She began to build the puzzle, placing pieces as she came across them with no system in mind. The old counties were so small! Where there used to be three or four there would now just be one large piece. She felt she was returning to an ancient world of small fiefdoms, a place of self-contained body-parts which together made up the larger corpus of Britain. Wales was like a big fat hand, full of tiny bones, Kent was the rump and Scotland was the head of the country, looking out into the ocean like a scout. In the far North, the hairy Shetlands sat on the same piece of wood as the Orkneys, the ferry-routes shown as threads of grey in the blue water. But soon Scotland might be cast adrift – and then what would become of Great Britain? She would be broken up; half her pieces missing, bobbing like a cork in a vast global ocean.

Leon came to see how she was doing, and she felt a stab of guilt. She was supposed to be clearing out: in two weeks they would have to be gone.

‘I just found this from when I was a kid,’ she said sheepishly. She didn’t dare ask how he was getting on with his papers – he was probably slinging them all into a box just as they were.

He looked over her shoulder. ‘I see you’ve lost Rutland,’ he said. ‘That’s appropriate.’

‘Just what I thought!’ she laughed.

‘But you’ve still got Middlesex.’

‘I know. All the others are there. This must have been made way before the reorganisation.’

‘1974,’ he said. It was typical of him to know the date, though he would have been seven at the time.

‘I used to love this jigsaw,’ she said fondly, ‘I learned loads from it.’

‘Probably what your parents were hoping.’

Leuka laughed again, and then she felt sad at the memory of all those afternoons spent working on the puzzle while her parents slept; all the time it had spent gathering dust in the attic. There were plenty of boxes waiting to be sorted, yet it seemed important to finish the jigsaw.

‘Can you make me a cup of tea?’ she pleaded.

It was like him not to argue.

She carried on putting the counties in their places. Since 1974, so much had been lost! All the tiny bones of Wales; Radnorshire and Flintshire and Denbighshire and Camaerthenshire; then the Lakes – Cumberland and Westmorland and Northumberland – the patchwork coat of the Midlands, and London where three counties met and touched in the centre – they were all gone; all subsumed in a greater bureaucracy; a rational vision. Leuka hated rational things. She wanted them at the bottom of the sea.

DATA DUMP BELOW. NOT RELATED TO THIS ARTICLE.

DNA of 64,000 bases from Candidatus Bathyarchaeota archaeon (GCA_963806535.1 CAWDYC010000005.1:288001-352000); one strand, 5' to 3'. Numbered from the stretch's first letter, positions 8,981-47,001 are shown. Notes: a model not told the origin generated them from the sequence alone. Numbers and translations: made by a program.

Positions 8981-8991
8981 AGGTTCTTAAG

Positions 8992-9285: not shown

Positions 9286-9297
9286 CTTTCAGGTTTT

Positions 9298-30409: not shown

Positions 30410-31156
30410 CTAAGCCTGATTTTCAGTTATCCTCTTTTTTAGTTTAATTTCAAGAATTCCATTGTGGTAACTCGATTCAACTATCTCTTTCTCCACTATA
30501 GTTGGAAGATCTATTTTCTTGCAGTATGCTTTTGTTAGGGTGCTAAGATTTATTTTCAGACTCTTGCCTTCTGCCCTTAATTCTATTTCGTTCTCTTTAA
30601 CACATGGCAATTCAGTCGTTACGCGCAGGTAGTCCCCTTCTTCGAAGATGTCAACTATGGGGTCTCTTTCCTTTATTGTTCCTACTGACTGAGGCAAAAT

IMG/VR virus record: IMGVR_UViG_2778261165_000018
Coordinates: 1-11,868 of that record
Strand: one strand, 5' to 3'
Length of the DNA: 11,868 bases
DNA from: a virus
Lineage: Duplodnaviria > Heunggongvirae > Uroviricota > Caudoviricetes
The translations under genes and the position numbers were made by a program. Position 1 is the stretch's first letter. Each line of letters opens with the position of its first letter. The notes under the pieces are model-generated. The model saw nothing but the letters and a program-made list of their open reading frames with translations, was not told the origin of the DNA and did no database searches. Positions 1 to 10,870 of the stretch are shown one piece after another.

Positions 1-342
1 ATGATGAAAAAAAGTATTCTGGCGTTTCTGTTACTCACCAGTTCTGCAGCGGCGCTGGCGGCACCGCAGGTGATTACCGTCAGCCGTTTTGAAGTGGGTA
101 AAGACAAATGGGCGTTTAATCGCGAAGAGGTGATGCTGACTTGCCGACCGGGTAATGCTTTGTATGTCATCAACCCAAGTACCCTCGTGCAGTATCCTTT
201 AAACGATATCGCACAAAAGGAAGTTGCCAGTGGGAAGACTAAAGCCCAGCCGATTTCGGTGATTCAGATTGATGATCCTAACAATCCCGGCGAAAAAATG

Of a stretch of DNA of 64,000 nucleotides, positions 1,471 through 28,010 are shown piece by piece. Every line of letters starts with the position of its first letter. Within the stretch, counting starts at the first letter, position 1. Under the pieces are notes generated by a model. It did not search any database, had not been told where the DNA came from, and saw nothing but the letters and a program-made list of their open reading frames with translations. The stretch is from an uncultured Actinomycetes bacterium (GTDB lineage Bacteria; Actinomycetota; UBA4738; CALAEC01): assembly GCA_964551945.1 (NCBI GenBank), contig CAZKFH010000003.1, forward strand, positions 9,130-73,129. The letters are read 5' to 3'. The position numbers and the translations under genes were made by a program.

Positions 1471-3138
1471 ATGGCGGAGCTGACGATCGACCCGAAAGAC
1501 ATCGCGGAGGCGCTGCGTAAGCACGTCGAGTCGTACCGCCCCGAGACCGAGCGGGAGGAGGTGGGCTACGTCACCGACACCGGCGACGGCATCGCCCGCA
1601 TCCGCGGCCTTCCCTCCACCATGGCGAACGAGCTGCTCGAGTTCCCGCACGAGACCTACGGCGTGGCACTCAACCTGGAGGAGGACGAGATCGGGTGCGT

She had almost finished; she just had to make up the West Country: the long, slim foot of Cornwall joined to the fatter, richer calf of Devon, then Somerset and Dorset making knee-cap and knee-joint. She thought of the holidays they’d had as children; those long, long car-journeys down the blue vein of the motorway.

The past really is another country, she thought. And where would these places be in the future? But now Leon was coming in with the tea. He’d made a proper pot: Leuka despised tea-bags almost as much as she despised bureaucracy.

He put the tray down: she thanked him. It was one of the habits they’d got into; not taking each other for granted. Bad habits could break up the jigsaw of a marriage. He looked at the almost-finished puzzle. ‘Wow,’ he said. ‘The past really is a whole-nother country.’

Leuka laughed, then became serious again. ‘What I’m wondering is, what will it look like in the future?’

‘When, exactly?’

‘After the referendum. Will your folks make a break for it, d’you think?’

That was ironic: Leon was only a quarter Scottish, and not entitled to vote.

‘Looks like a yes – don’t you think?’ she insisted.

He peered at the counties of Scotland as though they might show the answer. ‘You never know,’ he said.

She sipped her tea. ‘And then what about the rest of us?’

‘What about us?’

‘They say we’ll never have a Labour government again.’

Leon snorted. His view of the Labour party was like Leuka’s view of tea-bags: inauthentic, ersatz. Fake.

She found the last piece – one of the three parts of Lincolnshire – and slotted it in. As she drank her tea she contemplated the finished puzzle, sad and out of date as a pink world. Then she put it away in its box and carried on packing up the attic.

Comment please!

Kirk out